There’s a lot of talk about money in politics. As we have previously discussed, a lot of the concern is misplaced or based on misconceptions. The urge to construct more laws to make things fairer is a popular one among Americans. The idea is that more regulation will stem some of the money flowing into campaigns and elections and thus remove conflicts of interest. The problem is that these laws are often written in a way that benefits incumbents—which isn’t too surprising when considering that they are written by incumbents. Americans should beware of lawmakers who decry money in politics as a method to limit competition and ensure their own reelection.
As incumbents, members of congress and the president have many inherent advantages that prevent challengers from effectively competing in elections. That’s why congressional incumbents are reelected between 84-95% of the time. Let’s take a look at some of the inherent advantages incumbents have and how federal election law has been used to create or maintain it.
In the 1990’s a study showed that in 1994 and 1996, only 3% of congressional challengers who spent less than $600,000 were victorious. It’s no surprise that in 1997, the Shays-Meehan Act attempted to limit congressional campaigns to under $600,000—essentially trying to ensure challengers would never have the fund necessary to win.
That’s because incumbents already have hundreds of thousands of dollars in free access to voters, travel, and resources they may utilize that challengers have to pay for. Challengers already face an uphill battle, as many Americans are likely to vote for the name they know, but additional restrictions on campaigns only make that climb even more insurmountable.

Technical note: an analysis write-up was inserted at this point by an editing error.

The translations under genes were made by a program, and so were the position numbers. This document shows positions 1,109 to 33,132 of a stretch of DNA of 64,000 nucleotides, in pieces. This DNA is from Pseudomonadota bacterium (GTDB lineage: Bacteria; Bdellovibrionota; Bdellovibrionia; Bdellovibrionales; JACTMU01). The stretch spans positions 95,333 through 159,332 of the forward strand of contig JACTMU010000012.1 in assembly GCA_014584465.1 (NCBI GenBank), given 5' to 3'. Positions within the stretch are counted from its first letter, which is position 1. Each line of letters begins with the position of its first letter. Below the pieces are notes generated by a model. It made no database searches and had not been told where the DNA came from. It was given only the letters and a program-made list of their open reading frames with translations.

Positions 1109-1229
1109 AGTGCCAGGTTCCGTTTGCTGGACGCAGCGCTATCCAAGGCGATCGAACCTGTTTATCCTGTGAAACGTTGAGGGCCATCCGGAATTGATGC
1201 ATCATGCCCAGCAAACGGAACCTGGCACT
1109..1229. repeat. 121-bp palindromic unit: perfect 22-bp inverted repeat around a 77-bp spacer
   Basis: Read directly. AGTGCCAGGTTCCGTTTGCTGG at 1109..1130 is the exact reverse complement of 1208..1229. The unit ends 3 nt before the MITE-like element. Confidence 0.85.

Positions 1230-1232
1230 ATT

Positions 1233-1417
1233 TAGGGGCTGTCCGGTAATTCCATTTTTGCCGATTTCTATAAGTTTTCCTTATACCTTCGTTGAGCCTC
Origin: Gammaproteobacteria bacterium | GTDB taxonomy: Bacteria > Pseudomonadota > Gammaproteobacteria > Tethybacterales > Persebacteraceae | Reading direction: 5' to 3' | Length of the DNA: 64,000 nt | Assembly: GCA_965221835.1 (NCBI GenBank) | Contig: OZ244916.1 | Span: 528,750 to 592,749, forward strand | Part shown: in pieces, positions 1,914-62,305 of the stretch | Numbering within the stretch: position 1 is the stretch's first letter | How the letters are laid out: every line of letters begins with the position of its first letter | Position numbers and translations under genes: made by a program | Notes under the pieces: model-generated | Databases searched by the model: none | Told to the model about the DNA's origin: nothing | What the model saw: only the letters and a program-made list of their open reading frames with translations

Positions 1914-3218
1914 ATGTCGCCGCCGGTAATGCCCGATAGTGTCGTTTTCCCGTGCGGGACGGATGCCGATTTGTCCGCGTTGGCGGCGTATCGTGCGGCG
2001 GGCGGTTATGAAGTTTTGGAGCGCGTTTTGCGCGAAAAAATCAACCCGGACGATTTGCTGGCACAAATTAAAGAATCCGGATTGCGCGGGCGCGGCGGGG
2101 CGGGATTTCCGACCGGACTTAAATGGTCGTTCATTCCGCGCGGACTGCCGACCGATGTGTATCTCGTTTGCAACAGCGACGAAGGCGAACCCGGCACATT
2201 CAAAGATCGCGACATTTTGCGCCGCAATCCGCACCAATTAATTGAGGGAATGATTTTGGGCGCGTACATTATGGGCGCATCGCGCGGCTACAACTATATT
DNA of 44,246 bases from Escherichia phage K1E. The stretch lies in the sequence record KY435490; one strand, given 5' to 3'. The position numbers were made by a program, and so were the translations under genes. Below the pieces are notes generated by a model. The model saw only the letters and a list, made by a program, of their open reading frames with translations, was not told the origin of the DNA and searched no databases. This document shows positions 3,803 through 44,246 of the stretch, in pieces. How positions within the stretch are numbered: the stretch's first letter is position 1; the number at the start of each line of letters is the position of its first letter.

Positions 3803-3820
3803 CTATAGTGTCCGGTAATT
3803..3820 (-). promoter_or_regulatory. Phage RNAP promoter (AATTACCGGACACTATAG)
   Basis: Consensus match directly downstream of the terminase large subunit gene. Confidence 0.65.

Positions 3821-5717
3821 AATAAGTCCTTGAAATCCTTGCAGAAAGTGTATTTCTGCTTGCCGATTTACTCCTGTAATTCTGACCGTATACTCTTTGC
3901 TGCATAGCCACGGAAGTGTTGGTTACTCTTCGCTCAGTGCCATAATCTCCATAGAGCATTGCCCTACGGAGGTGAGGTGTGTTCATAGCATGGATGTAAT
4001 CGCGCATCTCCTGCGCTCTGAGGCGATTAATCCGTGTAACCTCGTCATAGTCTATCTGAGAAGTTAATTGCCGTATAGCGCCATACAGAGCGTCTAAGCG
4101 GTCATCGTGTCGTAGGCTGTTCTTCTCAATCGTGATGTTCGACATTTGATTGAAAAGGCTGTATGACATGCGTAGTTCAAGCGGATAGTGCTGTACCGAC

Incumbents get free travel. They have to provide some sort of justification, but it’s easy to do. Politicians end up traveling to their home districts often during campaign season. Whereas challengers need to raise money to travel anywhere.
Incumbents are able to open up various offices in their home district, in Washington, and even in other states. They staff those offices with taxpayer paid staffs. Those staff work for the politician’s needs, increase their visibility, and communicate with voters. These staffs can exceed 7,000 people, all paid for by taxpayers. Again, challengers enjoy no such benefits. They have to depend on volunteers and donations every step of the way.
Incumbents also get access better access to voters. Taxpayer paid mail means federal incumbents can send out tons of mailers, fliers, and promotional materials for barely any cost. Meanwhile, challengers need to spend 35 cents for each item. Incumbents also have staffs dedicated to communicating with and addressing the concerns of voters. They are able to help constituents navigate a complex federal system, and for doing so they are seen favorably and receive more votes at the polls. Again, this is a benefit of a taxpayer funded staff which challengers do not have.